By Marco Aquino and Marcelo Rochabrun
LIMA (Reuters) – A Peruvian community has threatened to oppose the expansion of MMG Ltd’s major Las Bambas copper mine, according to a document seen by Reuters, hinting at a new flashpoint for the project shortly after the state approved the increase in production.
Located in the Apurimac region of southern Peru, the Chinese-owned mine has been at the center of protests and road blockades since it started operations in 2016, which have caused it to frequently curtail its operations.
In a meeting on Thursday after the government’s approval for the Las Bambas expansion was announced, the local Huancuire community said it would take all necessary “legal and social” measures to prevent the development of a second open pit copper mine called Chalcobamba.
“We are adamant in pointing out that we will not allow, or tolerate the start of operations in the unconsulted Chalcobamba project,” the Huancuire community said in a document seen by Reuters and signed by local leaders on Thursday.
Peru’s energy and mining ministry did not respond to a request for comment.
MMG, which controls Las Bambas, said it will complete work on Chalcobamba within five months to begin production in the second half of 2022.
The company expects the development of the project to increase its production to 400,000 tonnes of copper concentrate per year in the medium term, up from 380,000 tonnes.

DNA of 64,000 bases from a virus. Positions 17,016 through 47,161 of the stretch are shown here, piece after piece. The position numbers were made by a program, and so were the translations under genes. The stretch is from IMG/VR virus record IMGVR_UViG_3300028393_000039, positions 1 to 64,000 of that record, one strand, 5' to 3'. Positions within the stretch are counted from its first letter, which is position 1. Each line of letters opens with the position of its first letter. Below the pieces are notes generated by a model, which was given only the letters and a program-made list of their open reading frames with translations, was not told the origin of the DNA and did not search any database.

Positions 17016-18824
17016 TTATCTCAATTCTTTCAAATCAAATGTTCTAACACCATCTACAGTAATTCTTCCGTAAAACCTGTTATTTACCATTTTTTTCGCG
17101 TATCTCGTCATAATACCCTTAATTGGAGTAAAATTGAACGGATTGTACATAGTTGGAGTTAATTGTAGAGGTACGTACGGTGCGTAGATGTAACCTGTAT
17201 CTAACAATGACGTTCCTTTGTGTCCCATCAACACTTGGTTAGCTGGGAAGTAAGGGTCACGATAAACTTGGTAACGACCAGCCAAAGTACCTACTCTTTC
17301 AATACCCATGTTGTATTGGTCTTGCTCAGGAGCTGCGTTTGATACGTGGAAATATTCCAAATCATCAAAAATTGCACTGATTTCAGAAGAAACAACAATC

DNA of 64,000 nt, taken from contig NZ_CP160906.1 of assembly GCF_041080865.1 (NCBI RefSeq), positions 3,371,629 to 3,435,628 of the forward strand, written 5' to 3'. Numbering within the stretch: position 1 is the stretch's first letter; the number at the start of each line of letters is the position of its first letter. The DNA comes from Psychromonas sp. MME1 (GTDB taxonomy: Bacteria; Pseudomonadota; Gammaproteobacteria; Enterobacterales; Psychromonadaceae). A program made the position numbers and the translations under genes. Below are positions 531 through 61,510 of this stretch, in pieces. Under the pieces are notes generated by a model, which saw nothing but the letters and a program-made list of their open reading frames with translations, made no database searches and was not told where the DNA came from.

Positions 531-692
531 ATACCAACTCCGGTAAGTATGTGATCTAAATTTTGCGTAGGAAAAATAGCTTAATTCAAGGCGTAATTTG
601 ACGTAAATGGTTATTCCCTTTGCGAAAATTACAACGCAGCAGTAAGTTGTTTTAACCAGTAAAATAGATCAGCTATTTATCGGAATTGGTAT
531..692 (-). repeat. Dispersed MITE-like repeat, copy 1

Peru is the world’s No. 2 copper producer after Chile and Las Bambas produces 2% of the world’s supply of the red metal.
Huancuire’s community leaders claims that the Ministry of Energy and Mines authorized the construction of Chalcobamba without having completed due diligence procedures with the community to start the project.
Most of those living near the mine are indigenous people of Quechua descent and have repeatedly accused the Chinese company of failing to provide enough jobs and money to the region, one of the poorest in Peru, despite the vast mineral wealth.
Later on Friday, the federal government said in a statement it would send more national police troops to the region, an effort it says will free up the movement of vehicles and people and avoid disruption to regional economic activity. The move is a shift in strategy by the government of leftist President Pedro Castillo, who was attempting to avoid police confrontation with communities in the area.
“The Ministry of the Interior maintains a dissuasive police presence, guaranteeing the normal development of activities, both for communities and for companies in the public and private sectors,” it said.
(Reporting by Marco Aquino and Marcelo Rochabrun; Writing by Steven Grattan and Carolina Pulice; Editing by Aurora Ellis)